Comedian and talk show host Rosie O’Donnell had a heart attack this past week but didn’t even know it.
O'Donnell told USAToday that after helping an elderly woman who had fallen, she became nauseous, had clammny skin and vomited. O'Donnell thought she had only pulled a muscle, when in reality, those symptoms were from a life-threatening heart attack.
Heart attacks don't always result in people clutching their chest or arm and falling to the ground. It’s a classic image that’s encouraged through movies, TV shows and popular culture, mostly because it’s true—but only for some people.
1. Men and Women are Different
For a man, the classic symptoms of a heart attack consist of a crushing pain in the chest or arms making it difficult to breath or do much more than fall to the ground. For a woman, the signs can be much more subtle.
"Women can experience a heart attack without chest pressure," Dr. Nieca Goldberg, a cardiologist at New York University, told USAToday.
Women have to be extra aware. A woman could experience classic heart attack symptoms, but their symptoms will often mimic the after effects of a good workout.
2. Heart Attack Signs for Women
Rosie felt soreness in her arms and chest and said that everything seemed like it was bruised. She became nauseous and threw up. Her skin was clammy but she felt very hot. All of these were classic signs of a heart attack—for a woman—according to the American Heart Association
What to look for:
- Uncomfortable pressure or pain in the center of your chest that lasts for a more than a few minutes or goes away and comes back.
- Pain or discomfort in one or both arms, the back, neck, jaw or stomach
- Shortness of breath (with or without chest pain)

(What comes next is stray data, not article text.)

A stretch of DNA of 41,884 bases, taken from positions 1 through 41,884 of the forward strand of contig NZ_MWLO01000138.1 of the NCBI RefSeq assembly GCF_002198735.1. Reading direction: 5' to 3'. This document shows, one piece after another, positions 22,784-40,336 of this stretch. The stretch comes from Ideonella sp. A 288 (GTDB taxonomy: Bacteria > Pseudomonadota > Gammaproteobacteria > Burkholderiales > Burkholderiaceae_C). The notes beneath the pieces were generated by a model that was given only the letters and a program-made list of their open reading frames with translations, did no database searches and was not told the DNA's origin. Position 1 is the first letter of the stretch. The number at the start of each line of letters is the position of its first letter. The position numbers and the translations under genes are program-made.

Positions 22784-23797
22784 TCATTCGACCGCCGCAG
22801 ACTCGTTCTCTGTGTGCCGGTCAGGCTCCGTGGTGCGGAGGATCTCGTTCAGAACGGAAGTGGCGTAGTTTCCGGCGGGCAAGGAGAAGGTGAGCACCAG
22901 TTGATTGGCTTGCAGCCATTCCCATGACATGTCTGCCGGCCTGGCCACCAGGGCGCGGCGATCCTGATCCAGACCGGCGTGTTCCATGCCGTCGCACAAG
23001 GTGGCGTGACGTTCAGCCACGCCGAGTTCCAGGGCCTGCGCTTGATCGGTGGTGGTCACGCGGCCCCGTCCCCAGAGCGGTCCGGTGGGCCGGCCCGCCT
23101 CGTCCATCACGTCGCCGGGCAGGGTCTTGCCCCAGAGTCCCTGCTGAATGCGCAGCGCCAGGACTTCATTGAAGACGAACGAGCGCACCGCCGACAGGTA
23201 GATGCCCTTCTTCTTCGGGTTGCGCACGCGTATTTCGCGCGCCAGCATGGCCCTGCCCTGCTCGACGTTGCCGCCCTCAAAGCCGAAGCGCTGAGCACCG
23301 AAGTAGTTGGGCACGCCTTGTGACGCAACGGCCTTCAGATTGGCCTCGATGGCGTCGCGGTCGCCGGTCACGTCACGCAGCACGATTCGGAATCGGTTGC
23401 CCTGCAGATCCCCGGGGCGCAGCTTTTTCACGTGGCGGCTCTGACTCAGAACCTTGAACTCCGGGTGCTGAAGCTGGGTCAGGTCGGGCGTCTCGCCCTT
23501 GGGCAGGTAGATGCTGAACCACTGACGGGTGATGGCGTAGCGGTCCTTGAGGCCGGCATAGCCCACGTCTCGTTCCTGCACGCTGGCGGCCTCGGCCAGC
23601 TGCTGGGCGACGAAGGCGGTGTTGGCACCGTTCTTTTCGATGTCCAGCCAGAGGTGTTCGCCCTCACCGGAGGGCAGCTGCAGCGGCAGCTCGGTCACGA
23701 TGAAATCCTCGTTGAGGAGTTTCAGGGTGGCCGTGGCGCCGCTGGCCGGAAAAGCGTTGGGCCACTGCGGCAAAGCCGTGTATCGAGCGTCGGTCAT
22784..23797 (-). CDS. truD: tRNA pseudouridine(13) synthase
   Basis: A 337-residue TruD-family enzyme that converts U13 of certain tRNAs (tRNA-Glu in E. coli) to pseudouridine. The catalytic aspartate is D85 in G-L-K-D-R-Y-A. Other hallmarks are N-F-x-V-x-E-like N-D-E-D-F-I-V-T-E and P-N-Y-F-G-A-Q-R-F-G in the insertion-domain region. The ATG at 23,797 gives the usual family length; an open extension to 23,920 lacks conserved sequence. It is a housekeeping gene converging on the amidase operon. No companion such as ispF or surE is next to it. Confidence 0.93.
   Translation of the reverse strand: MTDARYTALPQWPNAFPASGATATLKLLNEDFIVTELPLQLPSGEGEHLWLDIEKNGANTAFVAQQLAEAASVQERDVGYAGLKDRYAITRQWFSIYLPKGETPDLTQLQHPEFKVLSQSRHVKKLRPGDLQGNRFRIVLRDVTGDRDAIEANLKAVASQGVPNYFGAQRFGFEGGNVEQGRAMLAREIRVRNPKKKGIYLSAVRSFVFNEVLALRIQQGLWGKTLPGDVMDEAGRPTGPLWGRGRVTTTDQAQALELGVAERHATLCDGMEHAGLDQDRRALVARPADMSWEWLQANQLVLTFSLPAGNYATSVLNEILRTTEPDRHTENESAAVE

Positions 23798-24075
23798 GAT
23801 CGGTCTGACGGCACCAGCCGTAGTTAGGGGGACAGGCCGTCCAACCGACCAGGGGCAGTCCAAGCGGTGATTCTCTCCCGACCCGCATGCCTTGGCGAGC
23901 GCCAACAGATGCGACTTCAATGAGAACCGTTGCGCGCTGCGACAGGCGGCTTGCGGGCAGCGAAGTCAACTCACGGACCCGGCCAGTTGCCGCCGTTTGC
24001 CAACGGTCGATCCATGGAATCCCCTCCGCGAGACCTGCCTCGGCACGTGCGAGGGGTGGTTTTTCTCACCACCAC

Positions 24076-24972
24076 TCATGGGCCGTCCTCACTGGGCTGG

- Breaking out in a cold sweat, nausea or lightheadedness
3. What To Do
If you think you’re having a heart attack do these two things:
- Take an aspirin: A single aspirin will begin to break down the blood clots that cause a heart attack. But don’t stop there.
- Get medical attention: Call 9-1-1 or just go to the emergency room and have a medical professional evaluate you and determine exactly what’s causing your symptoms.
Though she didn’t get immediate medical attention, Rosie did take some aspirin for the soreness she felt. That simple act quite possible saved her life. Whether you take an aspirin or not, always get medical attention if you believe you’re having a heart attack.
Recognizing a heart attack is the biggest thing you can do to survive it. Your body will let you know what’s happening. You just need to understand it and take quick action.
Heart disease is the No. 1 cause of death for both men and women in the United States. The American Heart Association says 785,000 Americans have some sort of heart attack every year, and another 195,000 heart attacks people don't even know they are having.
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